Today I wrote a regexp to change params[:page] into page. Here you are:

:'<,'>s/params\[:\(\p\{-}\)\]/\1/g

Let’s explain it briefly:

  • the first part, :'<,'>s/, is the vim command to substitute a pattern (or a regexp) with another one. The <,'> part tells vim to operate on the visually selected text.

  • the second part is the trickiest one. Let’s see it part to part:

  • params\[: is the first part of the string we want to match. the \ is used to escape the [ character.

  • \(\p\{-}\) is the content between params[: and ]. It consists of a sequence of printable characters (\p). The \( and \) characters around the sequence make it accessible to commands like substitute. I used the \{-} quantifier instead of the \+ because it is the non-greedy version; so, for example, if I had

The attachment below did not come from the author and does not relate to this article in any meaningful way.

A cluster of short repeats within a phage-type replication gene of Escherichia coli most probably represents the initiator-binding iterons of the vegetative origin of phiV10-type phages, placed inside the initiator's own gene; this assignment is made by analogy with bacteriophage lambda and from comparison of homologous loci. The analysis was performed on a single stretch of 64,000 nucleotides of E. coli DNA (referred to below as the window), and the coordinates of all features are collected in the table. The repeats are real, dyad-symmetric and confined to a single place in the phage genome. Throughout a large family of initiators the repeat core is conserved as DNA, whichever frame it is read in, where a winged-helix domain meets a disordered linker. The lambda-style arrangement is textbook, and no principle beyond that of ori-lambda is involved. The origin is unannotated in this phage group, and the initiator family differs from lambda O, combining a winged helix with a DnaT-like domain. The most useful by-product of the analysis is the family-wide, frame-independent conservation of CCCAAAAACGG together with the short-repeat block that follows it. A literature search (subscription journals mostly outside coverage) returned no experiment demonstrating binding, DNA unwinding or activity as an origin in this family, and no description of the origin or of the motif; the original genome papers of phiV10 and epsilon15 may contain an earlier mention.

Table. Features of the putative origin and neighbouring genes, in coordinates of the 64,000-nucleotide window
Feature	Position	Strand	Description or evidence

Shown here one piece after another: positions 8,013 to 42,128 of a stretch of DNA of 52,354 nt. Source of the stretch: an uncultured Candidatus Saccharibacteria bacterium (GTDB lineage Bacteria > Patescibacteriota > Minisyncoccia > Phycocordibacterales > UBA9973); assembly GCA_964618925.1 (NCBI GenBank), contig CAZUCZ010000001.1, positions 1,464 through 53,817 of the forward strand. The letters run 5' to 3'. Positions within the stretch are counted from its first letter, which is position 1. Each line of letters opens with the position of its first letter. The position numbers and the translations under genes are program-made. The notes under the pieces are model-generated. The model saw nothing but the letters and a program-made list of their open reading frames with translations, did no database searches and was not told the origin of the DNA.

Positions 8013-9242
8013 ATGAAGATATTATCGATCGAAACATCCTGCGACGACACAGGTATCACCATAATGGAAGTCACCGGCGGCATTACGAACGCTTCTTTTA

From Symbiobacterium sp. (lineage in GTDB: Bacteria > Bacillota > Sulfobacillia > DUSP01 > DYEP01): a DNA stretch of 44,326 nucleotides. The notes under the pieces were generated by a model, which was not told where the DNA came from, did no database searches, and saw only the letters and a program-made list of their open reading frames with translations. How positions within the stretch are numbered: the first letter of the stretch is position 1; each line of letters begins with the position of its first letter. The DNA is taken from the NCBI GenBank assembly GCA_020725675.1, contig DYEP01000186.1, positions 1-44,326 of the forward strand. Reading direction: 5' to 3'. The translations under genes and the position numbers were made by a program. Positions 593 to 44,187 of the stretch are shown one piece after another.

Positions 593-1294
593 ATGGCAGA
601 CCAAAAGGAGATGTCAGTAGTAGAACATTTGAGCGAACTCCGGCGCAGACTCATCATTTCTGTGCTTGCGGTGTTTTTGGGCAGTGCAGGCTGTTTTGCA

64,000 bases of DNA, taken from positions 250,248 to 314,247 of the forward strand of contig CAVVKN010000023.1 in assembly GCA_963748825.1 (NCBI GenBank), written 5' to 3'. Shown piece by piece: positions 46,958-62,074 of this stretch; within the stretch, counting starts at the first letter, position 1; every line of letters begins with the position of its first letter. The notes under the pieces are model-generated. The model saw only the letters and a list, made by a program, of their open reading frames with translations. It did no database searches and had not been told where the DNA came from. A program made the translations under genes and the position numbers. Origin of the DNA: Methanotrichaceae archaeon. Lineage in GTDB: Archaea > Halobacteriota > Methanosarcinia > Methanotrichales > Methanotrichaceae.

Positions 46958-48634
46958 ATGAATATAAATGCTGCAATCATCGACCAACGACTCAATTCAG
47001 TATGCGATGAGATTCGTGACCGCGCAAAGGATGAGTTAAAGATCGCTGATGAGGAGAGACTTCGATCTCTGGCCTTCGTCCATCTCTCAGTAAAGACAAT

params[:page] = [ "a", "b", "c" ]

    Then \p\{-} would match only :page, while \p\+ would match

:page] = [ "a", "b", "c" .

  • the \] part of the second block instructs the regexp parser to stop matching characters when it finds a ] char.

  • The third part, \1, tells vim what to replace with: the first match of the previous regexp. So, vim searches for the first \( and reads until \), matches this and uses it for the substitution.

  • Finally, g tells vim to make a global change and not to stop after the first occurrence.



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Published

09 July 2012

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